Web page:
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The Fight Against Renal Cancer

renal cancer

In Hong Kong, there are 600 new cases of renal cancer every year. Although the incidence of renal cancer is not as high as cancers of the intestines or lungs, its prevalence has risen as high as 50% annually.

If the cancer is diagnosed as Stage I, II or III, the most likely initial treatment will be surgical removal of the kidney, where treatment effectiveness can be as high as 90%. For patients with advanced renal cancer or cancer recurrence, targeted therapy may be recommended. In the past, the general treatment approach for renal cancer was removal of the whole kidney (nephrectomy). With more sophisticated surgical advancement in recent years, specialist surgeons now treat renal cancer by removing part of the kidney (partial nephrectomy) as much as possible, so that some functioning kidney can be preserved and left behind. This shall have positive knock-on effects on preserving the quality of life of patients as well.

The kidneys rely on the surrounding blood vessels to function. For this reason, tumours in the kidney can also be easily spread to neighbouring tissues and organs. Patients with renal cancer should attend regular check-ups with their oncology specialists as there are still risks of cancer recurrence post-nephrectomy. In addition, the symptoms of early-stage renal cancer can be hard to detect. As the kidneys are located deep inside our lower abdomen, small kidney tumours are often difficult to be seen or felt during physical examinations. Another issue is that the other healthy, functioning kidney can often compensate for the loss of kidney function. As such, most renal cancer cases are diagnosed in the later stages, with the minority of patients reporting lower back pain and blood in urine.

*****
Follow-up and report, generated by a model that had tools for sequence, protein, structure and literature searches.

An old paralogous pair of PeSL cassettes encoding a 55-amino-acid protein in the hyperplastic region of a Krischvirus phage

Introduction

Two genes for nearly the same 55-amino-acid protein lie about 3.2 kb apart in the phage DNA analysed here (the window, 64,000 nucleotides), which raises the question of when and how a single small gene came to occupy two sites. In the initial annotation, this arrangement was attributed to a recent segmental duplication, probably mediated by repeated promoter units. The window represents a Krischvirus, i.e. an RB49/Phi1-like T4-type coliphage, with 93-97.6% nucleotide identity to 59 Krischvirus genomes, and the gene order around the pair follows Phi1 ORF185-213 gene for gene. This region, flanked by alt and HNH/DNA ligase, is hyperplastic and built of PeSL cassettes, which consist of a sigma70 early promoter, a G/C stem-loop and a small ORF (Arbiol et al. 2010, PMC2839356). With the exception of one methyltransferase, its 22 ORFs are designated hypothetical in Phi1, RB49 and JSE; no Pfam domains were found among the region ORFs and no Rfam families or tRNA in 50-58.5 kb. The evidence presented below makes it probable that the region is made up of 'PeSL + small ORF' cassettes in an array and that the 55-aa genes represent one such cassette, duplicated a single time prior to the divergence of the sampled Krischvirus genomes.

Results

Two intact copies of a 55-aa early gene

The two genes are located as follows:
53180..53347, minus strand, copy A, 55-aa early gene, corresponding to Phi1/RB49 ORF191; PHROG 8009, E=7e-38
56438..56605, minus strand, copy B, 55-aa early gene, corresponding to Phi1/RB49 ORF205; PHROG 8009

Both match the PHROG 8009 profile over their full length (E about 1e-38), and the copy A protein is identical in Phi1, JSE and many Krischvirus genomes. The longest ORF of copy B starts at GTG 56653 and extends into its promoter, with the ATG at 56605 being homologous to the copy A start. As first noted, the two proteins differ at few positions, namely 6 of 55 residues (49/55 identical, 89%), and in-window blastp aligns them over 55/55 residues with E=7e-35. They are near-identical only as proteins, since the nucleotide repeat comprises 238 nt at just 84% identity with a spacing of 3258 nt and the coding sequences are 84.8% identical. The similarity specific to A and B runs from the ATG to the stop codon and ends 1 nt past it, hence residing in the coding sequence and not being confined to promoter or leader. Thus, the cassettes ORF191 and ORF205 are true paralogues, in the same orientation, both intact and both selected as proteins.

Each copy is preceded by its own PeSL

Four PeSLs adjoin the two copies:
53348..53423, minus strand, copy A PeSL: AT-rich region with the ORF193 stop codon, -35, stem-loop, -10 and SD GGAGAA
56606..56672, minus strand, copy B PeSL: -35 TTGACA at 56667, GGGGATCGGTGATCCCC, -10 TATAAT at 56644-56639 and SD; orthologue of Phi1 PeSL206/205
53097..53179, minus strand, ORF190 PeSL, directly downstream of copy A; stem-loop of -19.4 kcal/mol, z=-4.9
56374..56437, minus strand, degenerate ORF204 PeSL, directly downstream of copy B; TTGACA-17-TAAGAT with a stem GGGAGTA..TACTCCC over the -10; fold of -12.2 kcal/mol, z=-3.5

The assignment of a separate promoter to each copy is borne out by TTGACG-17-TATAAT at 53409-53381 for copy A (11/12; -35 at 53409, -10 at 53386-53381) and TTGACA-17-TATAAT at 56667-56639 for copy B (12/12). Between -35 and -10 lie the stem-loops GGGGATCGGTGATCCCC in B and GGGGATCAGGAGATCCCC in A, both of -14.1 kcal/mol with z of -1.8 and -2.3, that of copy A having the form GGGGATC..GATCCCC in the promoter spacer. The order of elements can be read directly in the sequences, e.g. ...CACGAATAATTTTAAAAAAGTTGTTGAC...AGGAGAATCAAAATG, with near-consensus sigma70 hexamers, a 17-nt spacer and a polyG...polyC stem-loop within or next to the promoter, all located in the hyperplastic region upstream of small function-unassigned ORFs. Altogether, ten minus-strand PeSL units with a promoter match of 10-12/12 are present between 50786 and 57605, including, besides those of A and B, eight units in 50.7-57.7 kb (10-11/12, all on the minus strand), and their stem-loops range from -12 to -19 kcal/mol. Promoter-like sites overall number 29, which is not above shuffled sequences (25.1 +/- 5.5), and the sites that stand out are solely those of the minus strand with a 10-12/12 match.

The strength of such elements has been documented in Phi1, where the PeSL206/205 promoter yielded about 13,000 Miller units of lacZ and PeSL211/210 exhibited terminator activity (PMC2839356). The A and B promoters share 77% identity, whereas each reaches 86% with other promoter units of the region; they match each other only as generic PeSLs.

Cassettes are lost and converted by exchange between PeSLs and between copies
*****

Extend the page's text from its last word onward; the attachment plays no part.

Fortunately, there are new emerging treatment methods for renal cancer. For example, an mammalian target of rapamycin (mTOR) inhibitor can be used as an anticancer drug for renal cancer. This treatment can help regulate cell metabolism, growth and proliferation. mTOR inhibitors have been shown promising progression-free and overall survival in clinical studies (Hudes, Carducci, Tomczak et al., 2007). Unfortunately, there are multiple side effects associated with such medication, including mouth sores and diarrhoea.


Dr. Cheung Foon Yiu

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